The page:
It is hard to believe that it was only seven years ago I witnessed a CNC router in action for the very first time. I was fascinated and simply had to have one! Although I had been in the creative end of the three dimensional sign business for most of my life I didn't really know what I would do with one - but I just knew it could do fantastic stuff.

Through extensive research I quickly found out that with the relative simplicity of EnRoute, CNC routers were capable of just about anything imaginable. This journal will chronicle that journey to date and continue each week with two or three entries as we continue to explore just what is possible with this wonderful software... -dan

Friday, June 4, 2010

No sanding here!

For the next stage of the project I used my favorite carving tool... an air powered die grinder. I have a variety of bits for the powerful little tool. For this project I chucked up the biggest one in my toolbox.
It didn't take long to go over the edges of the sign, removing the glue lines, evening things out and adding a simple texture at the same time. As always the bottom edge was the most tedious so I got that out of the way first. I timed the back just for fun and it only tool a few seconds over seven minutes to pull off. I know if I had wanted it perfectly flat I would have spent a lot longer sanding endlessly on the project! Even then there's always seems to be a small imperfection or ding that drives me crazy. In my opinion the sign looks even more massive because it appears to be hand hewn from a solid piece of wood. The textures set our work apart from the norm.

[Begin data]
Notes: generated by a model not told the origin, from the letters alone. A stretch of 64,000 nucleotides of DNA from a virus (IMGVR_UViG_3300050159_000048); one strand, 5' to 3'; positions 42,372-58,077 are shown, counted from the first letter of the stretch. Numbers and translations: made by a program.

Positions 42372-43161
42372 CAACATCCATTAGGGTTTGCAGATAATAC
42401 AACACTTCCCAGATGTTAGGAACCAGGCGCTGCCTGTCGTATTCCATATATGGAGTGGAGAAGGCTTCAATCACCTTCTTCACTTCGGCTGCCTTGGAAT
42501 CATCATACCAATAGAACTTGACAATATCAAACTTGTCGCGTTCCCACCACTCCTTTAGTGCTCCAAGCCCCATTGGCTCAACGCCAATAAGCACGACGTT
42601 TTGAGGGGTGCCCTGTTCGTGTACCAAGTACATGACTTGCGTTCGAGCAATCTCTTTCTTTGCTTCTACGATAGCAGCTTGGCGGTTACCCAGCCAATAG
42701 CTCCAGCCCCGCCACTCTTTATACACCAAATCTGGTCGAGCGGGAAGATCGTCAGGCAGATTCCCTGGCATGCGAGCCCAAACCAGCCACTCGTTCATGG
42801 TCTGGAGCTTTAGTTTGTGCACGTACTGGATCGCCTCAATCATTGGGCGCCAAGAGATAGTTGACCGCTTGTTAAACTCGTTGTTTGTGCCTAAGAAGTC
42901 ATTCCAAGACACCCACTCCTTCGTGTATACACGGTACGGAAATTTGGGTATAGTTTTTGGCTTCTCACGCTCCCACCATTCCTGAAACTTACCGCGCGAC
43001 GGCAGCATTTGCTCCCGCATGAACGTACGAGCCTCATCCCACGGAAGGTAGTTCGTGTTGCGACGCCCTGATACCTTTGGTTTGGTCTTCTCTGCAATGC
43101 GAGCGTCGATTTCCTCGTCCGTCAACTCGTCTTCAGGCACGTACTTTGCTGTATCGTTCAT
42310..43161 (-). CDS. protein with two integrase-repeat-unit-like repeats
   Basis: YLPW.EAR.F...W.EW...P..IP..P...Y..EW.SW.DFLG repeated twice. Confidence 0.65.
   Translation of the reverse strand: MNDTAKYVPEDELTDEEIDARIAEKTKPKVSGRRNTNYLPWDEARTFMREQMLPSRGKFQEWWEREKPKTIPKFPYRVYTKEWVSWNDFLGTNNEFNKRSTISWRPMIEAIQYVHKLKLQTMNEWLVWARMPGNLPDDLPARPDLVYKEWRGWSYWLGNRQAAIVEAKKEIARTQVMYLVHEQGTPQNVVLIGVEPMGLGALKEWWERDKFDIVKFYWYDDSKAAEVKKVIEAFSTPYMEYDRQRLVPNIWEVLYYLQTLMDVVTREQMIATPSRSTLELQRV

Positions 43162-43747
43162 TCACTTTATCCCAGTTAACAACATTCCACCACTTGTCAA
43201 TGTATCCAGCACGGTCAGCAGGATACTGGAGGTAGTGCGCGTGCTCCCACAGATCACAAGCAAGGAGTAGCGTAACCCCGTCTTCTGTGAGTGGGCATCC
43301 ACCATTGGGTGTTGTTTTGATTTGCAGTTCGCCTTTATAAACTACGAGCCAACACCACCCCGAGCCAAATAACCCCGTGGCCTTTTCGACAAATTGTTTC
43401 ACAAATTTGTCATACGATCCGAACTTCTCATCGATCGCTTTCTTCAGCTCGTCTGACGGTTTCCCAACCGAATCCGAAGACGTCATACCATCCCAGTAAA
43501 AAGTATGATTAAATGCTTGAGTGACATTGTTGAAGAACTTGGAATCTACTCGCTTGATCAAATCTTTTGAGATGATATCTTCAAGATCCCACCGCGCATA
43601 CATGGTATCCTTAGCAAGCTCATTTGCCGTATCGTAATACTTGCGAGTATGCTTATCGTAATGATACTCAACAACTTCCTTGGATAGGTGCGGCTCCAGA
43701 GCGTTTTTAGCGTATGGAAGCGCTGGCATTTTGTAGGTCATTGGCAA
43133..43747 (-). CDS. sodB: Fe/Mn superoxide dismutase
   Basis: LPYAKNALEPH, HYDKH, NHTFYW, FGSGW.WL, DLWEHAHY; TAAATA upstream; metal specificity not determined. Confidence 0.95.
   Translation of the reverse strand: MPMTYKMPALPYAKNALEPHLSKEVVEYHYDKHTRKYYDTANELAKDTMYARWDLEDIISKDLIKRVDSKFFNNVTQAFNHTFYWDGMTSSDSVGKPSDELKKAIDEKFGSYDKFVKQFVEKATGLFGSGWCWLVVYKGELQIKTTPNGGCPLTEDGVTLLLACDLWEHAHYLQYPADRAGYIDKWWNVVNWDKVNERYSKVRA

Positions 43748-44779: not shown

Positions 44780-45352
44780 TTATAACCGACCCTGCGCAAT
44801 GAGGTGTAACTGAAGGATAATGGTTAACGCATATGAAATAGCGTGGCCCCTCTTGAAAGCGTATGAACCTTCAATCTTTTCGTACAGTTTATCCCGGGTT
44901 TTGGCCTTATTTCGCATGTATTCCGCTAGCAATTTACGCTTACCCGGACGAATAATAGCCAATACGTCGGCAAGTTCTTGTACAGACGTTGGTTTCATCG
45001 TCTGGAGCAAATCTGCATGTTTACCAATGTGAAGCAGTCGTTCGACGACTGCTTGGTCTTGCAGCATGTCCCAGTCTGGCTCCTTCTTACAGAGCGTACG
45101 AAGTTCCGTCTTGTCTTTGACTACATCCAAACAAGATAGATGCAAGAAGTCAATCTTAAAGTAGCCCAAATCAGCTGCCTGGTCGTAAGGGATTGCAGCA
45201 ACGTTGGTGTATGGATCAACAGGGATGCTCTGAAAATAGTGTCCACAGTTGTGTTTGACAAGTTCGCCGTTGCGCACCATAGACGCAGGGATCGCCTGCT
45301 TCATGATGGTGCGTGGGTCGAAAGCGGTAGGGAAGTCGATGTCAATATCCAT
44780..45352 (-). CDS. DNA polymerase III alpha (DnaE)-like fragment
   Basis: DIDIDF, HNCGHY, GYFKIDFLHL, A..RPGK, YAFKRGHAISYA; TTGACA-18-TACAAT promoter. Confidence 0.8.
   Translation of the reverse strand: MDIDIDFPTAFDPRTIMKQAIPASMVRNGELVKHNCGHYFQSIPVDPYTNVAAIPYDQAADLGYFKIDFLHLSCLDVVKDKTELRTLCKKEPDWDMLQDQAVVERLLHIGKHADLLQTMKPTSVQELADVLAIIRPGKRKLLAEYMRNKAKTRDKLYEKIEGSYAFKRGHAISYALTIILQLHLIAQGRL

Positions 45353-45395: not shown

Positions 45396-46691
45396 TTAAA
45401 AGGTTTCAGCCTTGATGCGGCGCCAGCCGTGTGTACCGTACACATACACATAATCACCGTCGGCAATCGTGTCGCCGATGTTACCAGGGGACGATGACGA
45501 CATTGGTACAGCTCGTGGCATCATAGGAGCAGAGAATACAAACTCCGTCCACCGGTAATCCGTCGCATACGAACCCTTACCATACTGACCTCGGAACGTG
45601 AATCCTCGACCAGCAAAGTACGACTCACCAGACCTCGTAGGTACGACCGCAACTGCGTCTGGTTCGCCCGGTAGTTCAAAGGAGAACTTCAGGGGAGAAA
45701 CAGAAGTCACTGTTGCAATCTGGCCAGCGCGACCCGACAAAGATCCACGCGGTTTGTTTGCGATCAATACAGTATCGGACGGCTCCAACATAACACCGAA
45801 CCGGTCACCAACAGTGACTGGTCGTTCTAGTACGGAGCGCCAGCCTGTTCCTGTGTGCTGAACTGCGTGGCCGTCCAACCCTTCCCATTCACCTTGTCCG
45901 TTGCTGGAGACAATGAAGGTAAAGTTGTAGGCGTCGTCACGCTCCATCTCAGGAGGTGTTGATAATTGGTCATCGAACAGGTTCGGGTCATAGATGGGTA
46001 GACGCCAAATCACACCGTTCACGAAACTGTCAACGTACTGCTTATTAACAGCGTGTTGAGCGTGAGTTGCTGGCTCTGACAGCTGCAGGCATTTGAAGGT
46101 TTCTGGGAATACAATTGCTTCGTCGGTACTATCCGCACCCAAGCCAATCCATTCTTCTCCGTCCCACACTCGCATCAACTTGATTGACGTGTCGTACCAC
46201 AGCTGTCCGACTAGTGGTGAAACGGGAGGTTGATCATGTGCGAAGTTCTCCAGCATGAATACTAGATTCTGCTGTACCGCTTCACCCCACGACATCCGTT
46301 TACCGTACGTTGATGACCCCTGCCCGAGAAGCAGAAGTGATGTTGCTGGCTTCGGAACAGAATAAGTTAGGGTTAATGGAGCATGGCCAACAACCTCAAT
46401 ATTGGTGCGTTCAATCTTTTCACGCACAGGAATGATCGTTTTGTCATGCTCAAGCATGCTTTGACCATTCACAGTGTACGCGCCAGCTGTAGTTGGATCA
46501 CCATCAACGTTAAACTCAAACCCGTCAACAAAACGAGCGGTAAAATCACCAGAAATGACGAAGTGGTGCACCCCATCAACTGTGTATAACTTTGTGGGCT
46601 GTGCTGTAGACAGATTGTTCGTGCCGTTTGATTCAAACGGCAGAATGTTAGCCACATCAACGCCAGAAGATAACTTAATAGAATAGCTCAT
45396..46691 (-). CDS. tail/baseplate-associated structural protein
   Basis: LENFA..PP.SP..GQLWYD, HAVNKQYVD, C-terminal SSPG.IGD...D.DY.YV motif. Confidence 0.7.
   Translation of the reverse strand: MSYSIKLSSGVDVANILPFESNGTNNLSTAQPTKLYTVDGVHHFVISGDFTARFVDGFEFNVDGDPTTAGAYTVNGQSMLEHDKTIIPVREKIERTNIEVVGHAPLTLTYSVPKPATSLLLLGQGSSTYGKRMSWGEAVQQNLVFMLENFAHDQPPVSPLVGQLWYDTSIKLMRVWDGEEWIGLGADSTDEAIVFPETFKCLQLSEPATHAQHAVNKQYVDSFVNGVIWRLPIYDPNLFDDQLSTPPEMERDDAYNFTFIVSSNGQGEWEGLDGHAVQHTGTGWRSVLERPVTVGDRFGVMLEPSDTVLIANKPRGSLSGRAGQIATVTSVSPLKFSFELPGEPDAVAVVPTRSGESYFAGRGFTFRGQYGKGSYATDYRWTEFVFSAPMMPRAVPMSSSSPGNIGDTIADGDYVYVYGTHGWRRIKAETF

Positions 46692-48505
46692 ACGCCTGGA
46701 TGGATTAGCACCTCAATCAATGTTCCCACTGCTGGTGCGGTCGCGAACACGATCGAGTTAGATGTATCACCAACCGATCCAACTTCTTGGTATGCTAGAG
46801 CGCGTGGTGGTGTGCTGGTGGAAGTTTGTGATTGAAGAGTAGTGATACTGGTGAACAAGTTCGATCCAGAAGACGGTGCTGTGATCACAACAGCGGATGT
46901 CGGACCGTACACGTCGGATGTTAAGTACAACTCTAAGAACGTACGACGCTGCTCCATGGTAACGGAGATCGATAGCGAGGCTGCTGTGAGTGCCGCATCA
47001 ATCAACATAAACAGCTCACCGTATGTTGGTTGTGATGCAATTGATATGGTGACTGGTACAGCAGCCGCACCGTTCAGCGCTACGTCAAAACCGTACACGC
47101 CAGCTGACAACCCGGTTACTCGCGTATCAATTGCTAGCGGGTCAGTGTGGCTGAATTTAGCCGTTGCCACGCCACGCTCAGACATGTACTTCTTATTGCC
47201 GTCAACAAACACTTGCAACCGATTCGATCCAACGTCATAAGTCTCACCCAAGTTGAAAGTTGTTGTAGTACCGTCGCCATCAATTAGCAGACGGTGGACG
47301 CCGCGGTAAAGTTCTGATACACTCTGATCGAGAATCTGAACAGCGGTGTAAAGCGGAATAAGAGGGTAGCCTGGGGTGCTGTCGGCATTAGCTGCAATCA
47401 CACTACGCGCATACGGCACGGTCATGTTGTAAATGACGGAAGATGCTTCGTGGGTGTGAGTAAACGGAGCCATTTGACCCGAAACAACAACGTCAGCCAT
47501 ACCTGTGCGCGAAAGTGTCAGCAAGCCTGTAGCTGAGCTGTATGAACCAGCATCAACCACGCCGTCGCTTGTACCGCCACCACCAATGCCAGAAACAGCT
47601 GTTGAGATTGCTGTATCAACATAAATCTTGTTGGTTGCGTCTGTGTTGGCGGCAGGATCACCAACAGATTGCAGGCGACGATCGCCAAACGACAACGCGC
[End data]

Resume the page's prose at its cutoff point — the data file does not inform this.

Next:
The screws were countersunk a little more and then I filled the holes with a bit of sculpting epoxy... no sanding necessary on this project because of the texture. Then it was time to break out the welder once more to form up the structure for the base. I used 1/4" pencil rod. A simple grid was welded up. We use this same technique to form all manners of wild creations. In this case it was a simple box, slightly tapered to be wider at the bottom. It's pretty simple stuff.
Next time I'll show how I get the base ready for the rock work... stay tuned.